This report is an assessment by the Eurosystem of SEPA migration with regard to euro credit transfers and direct debits and reflects its views on the fulfilment of the SEPA vision. This vision is of an area in which consumers, companies and other economic players are able to make and receive payments in euro, whether across or within national boundaries, under the same basic conditions, rights and obligations, regardless of their location.
The development of the Single Euro Payments Area (SEPA) and the migration to the SEPA credit transfer and direct debit schemes (SEPA migration) were decisive steps for the integration of electronic retail payments in Europe. SEPA was fully promoted and supported by the European System of Central Banks (ESCB). The European Commission provided the cornerstone by establishing a European legislative framework that set the ground for common rules on retail payment services and instruments.
The execution of credit transfers and direct debits in euro is now harmonised. Crossborder use of both the SEPA credit transfer and SEPA direct debit schemes is growing year on year and showing no sign of slowing. SEPA migration has provided the foundations for facilitating an interoperable, efficient and competitive payment network in the European Union.
The migration to the SEPA schemes was a long and challenging process, requiring the active involvement of all stakeholders, namely consumers, payment services providers (PSPs), companies, public administrations and market infrastructures.
Now that SEPA is a reality for credit transfers and direct debits, it is time to evaluate the SEPA migration process and its impact from the different stakeholders’ perspectives. The ESCB therefore prepared qualitative questionnaires to gather the views of the relevant stakeholders in each national market. The objective was to gain an understanding of the market assessment of the SEPA migration process and its current view on the European retail payments landscape.
In general, stakeholders have a positive overall assessment of the outcome of SEPA migration, owing to faster and cheaper cross-border credit transfers, particularly for euro area counterparties. Increases in competition and efficiency were also identified as benefits of SEPA. However, despite such benefits, the implementation of the SEPA schemes proved to be a considerable challenge for stakeholders. Some considered SEPA migration to be expensive, requiring significant changes to IT systems and business processes.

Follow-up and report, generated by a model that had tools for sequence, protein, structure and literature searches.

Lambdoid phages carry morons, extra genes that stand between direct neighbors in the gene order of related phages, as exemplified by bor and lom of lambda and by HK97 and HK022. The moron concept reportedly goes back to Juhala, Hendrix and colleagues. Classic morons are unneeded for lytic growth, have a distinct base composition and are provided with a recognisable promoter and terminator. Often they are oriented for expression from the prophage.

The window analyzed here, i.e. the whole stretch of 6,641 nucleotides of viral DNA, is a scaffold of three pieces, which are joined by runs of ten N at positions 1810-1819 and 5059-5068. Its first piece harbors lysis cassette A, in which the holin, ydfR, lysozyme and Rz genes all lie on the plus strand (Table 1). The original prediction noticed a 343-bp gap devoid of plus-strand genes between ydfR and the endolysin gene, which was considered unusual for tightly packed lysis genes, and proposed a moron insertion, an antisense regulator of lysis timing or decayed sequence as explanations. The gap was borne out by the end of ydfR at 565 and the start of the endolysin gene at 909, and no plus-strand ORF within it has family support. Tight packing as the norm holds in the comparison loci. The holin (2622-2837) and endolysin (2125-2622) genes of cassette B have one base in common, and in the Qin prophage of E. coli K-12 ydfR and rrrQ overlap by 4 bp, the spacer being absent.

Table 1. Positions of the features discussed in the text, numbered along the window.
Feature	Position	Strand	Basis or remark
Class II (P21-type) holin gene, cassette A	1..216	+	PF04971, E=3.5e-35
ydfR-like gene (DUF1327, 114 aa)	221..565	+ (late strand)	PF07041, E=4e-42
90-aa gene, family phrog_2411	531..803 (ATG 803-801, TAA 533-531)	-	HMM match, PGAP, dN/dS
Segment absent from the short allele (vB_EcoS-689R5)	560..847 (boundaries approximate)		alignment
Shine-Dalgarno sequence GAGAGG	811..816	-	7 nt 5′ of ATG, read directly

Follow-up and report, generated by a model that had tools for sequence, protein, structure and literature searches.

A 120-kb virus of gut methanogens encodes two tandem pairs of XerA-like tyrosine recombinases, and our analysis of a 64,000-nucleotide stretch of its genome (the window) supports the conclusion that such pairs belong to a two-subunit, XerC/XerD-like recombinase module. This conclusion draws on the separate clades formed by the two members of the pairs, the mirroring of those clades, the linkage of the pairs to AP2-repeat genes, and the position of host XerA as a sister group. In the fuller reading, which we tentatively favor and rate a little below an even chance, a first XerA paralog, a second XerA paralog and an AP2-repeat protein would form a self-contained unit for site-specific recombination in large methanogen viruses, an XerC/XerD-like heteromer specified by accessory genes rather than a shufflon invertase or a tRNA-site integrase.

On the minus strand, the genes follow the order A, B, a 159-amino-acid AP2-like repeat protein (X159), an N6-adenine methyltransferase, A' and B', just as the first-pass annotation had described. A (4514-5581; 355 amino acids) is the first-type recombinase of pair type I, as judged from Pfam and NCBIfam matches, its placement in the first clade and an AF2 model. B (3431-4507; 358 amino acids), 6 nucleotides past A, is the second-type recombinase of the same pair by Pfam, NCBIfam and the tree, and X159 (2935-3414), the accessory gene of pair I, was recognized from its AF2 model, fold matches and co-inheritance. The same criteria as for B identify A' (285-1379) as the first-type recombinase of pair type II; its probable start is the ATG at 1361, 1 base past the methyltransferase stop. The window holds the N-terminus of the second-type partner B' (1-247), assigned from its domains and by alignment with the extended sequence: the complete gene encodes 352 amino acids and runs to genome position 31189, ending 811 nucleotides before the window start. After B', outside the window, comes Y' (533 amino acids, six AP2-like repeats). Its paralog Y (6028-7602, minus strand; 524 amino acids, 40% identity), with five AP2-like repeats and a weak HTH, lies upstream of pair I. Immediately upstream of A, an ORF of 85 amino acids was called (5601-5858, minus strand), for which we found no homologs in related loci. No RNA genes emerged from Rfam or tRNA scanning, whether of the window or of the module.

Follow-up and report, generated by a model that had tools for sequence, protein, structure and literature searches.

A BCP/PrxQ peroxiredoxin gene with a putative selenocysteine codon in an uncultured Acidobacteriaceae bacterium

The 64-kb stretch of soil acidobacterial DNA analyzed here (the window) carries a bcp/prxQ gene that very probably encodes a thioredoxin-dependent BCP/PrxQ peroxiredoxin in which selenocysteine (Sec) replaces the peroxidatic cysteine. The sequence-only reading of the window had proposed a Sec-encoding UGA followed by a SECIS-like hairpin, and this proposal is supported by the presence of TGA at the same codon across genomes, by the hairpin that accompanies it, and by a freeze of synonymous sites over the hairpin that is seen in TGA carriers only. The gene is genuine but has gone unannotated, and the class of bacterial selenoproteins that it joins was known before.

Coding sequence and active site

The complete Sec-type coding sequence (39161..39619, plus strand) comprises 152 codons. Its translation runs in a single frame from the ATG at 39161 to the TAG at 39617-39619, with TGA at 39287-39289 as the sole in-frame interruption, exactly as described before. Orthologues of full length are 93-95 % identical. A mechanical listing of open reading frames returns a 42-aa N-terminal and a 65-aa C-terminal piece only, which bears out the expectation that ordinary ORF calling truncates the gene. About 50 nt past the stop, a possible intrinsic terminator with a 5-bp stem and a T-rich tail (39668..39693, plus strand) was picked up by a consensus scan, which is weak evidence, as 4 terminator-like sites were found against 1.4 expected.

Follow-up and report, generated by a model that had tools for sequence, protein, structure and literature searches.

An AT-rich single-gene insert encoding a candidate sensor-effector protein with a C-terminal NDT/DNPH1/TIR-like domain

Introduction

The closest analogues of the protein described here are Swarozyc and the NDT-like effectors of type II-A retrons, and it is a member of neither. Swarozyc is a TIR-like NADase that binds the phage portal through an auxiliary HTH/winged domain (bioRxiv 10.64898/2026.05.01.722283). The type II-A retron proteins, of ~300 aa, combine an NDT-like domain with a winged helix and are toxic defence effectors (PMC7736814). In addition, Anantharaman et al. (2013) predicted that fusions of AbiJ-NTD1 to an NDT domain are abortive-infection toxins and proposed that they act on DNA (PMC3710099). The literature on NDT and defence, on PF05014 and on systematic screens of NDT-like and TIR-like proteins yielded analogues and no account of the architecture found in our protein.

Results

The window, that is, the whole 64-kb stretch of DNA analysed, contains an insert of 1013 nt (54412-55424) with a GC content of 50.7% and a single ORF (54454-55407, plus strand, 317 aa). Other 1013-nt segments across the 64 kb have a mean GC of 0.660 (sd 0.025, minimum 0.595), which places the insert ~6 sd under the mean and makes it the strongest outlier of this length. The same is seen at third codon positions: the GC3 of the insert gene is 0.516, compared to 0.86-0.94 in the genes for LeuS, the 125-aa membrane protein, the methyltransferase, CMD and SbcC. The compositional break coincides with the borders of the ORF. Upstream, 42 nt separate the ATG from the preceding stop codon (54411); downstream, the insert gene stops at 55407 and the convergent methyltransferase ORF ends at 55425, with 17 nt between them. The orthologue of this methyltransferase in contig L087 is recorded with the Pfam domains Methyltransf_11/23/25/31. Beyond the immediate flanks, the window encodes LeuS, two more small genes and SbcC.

Although SEPA migration was successful overall, post-migration challenges identified by stakeholders have been addressed by the Euro Retail Payments Board (ERPB) (for a brief description, see Section 4).
Overall, the migration to SEPA has led to innovation in payment services in the European Union and the creation of pan-European PSPs offering competitive services. It has facilitated the move towards global standards (ISO 20022) for payment processing, with Europe now leading the way on global payment interoperability.
SEPA migration can thus be considered a success in terms both of completion, with all euro credit transfers and direct debits in the European Union now harmonised under a globally recognised standard, and of the quantitative and qualitative impact the migration has had on European payments users.
However, SEPA is not yet finalised; it is a work in progress. PSPs, businesses and consumers will continue to build on SEPA standards and schemes so as to further benefit from the integration this project has brought. The SEPA instant payments scheme can be seen as a prime example of this, with a substantial impact on the euro payments landscape. It is important that SEPA’s achievements are maintained and enhanced, and that the ESCB keeps up the momentum to achieve full integration of European payments. This is especially important in the area of card payments. SEPA has not been achieved for cards: national card schemes attain panEuropean reach only by making use of international card schemes. The vision of being able to pay with a domestic European card at any payment terminal across Europe needs to be brought to fruition.
© ECB - European Central Bank
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